In Search of ChopinAugust 23, 2014
One wonders how Frédéric Chopin (1810-49) would have fared in terms of compartmentalisation if Phil Grabsky had been able to sit him down on the psychoanalyst’s couch. Born and raised a Pole, Chopin found his fame in Paris. He fell in love with Polish girls, but the great romance of his life came with the French novelist, Georges Sand (AKA. Amantine-Lucile-Aurore Dupin), who adopted a male nom-de-plume, and occasionally, male clothing.
Chopin was one of the supreme composers for the piano, writing music for the keyboard that took on many attributes of the human voice, and even the orchestra. We think of Chopin as a defining figure of the Romantic era, but he was physically slight and often ill. He would die at the pathetically early age of 39, from tuberculosis, the scourge of the Romantics.
In Search of Chopin is the latest instalment in Phil Grabsky’s ongoing series about the lives of the composers. We have already gone in search of Mozart, Beethoven and Haydn, and Chopin continues in the same vein: a conventional documentary in which we examine the composer’s biography, interspersed with comments from leading musicians and musicologists, and brief performances of key works.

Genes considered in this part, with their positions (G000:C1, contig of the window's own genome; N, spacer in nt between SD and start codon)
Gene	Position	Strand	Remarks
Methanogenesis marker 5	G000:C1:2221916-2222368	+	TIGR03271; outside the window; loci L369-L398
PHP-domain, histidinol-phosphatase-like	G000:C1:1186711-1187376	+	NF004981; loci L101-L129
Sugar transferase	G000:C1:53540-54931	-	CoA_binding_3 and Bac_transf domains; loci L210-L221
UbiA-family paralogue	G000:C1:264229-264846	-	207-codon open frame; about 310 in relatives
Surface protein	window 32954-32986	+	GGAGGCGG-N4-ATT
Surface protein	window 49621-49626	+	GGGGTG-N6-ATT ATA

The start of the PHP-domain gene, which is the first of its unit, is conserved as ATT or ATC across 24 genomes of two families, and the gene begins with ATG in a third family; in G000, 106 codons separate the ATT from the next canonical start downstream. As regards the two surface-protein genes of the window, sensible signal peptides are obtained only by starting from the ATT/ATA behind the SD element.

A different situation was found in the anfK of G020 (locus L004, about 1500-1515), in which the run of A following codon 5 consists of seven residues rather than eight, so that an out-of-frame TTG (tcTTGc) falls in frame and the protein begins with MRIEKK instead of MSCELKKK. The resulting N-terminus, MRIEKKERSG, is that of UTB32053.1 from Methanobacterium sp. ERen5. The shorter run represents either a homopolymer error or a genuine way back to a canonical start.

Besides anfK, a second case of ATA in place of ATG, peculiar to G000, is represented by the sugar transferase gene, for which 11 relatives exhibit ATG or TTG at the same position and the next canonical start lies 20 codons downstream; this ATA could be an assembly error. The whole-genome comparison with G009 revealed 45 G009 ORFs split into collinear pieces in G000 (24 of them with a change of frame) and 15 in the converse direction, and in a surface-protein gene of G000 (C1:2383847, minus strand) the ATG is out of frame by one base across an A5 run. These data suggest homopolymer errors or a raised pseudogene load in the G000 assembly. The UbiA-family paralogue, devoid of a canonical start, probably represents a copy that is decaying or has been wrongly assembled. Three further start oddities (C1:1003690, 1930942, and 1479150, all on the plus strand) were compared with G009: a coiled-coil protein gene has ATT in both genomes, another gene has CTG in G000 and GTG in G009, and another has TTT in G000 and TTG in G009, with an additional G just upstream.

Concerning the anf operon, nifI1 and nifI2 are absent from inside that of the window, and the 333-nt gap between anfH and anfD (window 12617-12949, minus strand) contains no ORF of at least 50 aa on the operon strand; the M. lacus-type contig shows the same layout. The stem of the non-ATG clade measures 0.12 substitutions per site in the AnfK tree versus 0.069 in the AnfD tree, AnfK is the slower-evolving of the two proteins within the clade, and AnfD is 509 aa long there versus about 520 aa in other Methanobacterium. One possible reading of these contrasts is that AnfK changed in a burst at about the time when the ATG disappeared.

Such a film presupposes a knowledgeable and interested audience. One would like to imagine that some young person who has never heard of Chopin would be converted to his music by the experience of this documentary, but that’s extremely unlikely. Chopin’s admirers may be fascinated by the expert comments and insights, but it will be dull fare to the uninitiated.
How depressing it is to imagine a world in which Chopin is not a household name! That world is probably upon us, and we need to appreciate Grabsky’s composer series as a series of fragments shored against the ruin of western culture.
In Search of Chopin
Written & directed by Phil Grabsky
Narrated by Juliet Stevenson
UK, rated G, 110 mins.
Published in the Australian Financial Review, Saturday 23rd August, 2014.